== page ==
McKinnon faces final appeal against extradition
Last last last chance (for now)
Accused US military hacker Gary McKinnon faces a legal hearing on Tuesday afternoon key to his long-running campaign to avoid extradition to the US on hacking charges.
Two judges will review a decision by UK prosecutors not to prosecute McKinnon in the UK during a hearing that's expected to last two days. The same appeal court judges - Lord Justice Stanley Burnton and Mr Justice Wilkie - also conducted a hearing to evaluate whether former Home Secretary Jacqui Smith acted properly in allowing extradition proceedings against McKinnon to proceed despite his recent diagnosis with Asperger's Syndrome.
Meanwhile the Conservatives are planning to devote an opposition day at Westminster on Wednesday to a debate on McKinnon's fight against extradition, the Daily Mail reports.
McKinnon's four year campaign against extradition included failed appeals to the House of Lords and the European Court of Human Rights last summer, before it emerged that he suffered from a mild form of autism. His fate now rests with two senior judges, who will consider whether McKinnon's medical problems are serious enough to justify placing a legal block on extradition.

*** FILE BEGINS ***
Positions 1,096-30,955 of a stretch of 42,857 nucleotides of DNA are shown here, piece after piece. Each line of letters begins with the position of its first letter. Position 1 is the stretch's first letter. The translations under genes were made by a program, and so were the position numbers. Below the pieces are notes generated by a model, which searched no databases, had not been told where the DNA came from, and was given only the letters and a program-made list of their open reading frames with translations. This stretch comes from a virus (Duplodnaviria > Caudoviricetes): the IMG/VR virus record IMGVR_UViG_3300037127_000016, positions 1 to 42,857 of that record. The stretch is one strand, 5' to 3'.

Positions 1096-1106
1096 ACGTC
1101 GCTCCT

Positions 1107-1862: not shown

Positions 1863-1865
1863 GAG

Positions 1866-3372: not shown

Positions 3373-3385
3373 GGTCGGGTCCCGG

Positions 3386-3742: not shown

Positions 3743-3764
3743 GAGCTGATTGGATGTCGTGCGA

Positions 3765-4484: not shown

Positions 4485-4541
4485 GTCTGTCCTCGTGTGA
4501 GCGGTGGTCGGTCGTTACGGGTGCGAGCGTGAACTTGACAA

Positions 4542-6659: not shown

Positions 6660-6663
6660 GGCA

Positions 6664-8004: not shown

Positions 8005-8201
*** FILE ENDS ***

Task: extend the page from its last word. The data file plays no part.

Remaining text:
The run-up to the hearing has seen campaigning stepped up by McKinnon's growing band of supporters.
McKinnon's family and friends have been joined by backers including Pink Floyd's David Gilmour, London mayor Boris Johnson and former Beirut hostage Terry Waite. More recently the Daily Mail launched a high-profile campaign supporting McKinnon's fight against being hauled over to face trial in the US, where he is likely to receive a far longer sentence than if he were allowed to remain in the UK.
Those sympathetic to McKinnon's plight are invited to download a cover version of the Vietnam-era protest song Chicago, featuring the talents of David Gilmour, Bob Geldof, Chrissie Hynde and McKinnon himself. Donations (from 1p up) will go to autism charities, not towards funding McKinnon's legal fight. ®
What a prize knob end YOU are!
Jeez guys! find some common ground (or get a room)
Extradition is either something you believe in or something you don't, either way it's there and we are obliged to honor it, if you post a threat or have posed a threat to a foreign country you're a terrorist (unless you're at war in which case you're a hero), extradition itself is not seen as a punishment so retrospective application is irrelevant (unless you have already been punished).
The US is not a free country, the patriot act and earlier sedation acts means that a US citizen better not pose a threat to the government (important note, government not country), the recent treatment of vaguly arabic looking US citzens is unmatched by the treatment of vaguely Japanese looking US citizens back in WW2, the conditions that some US citizens put up with in the US was obviously better than Nazi concentration camps, but people still died, still lost jobs and homes, it will happen again.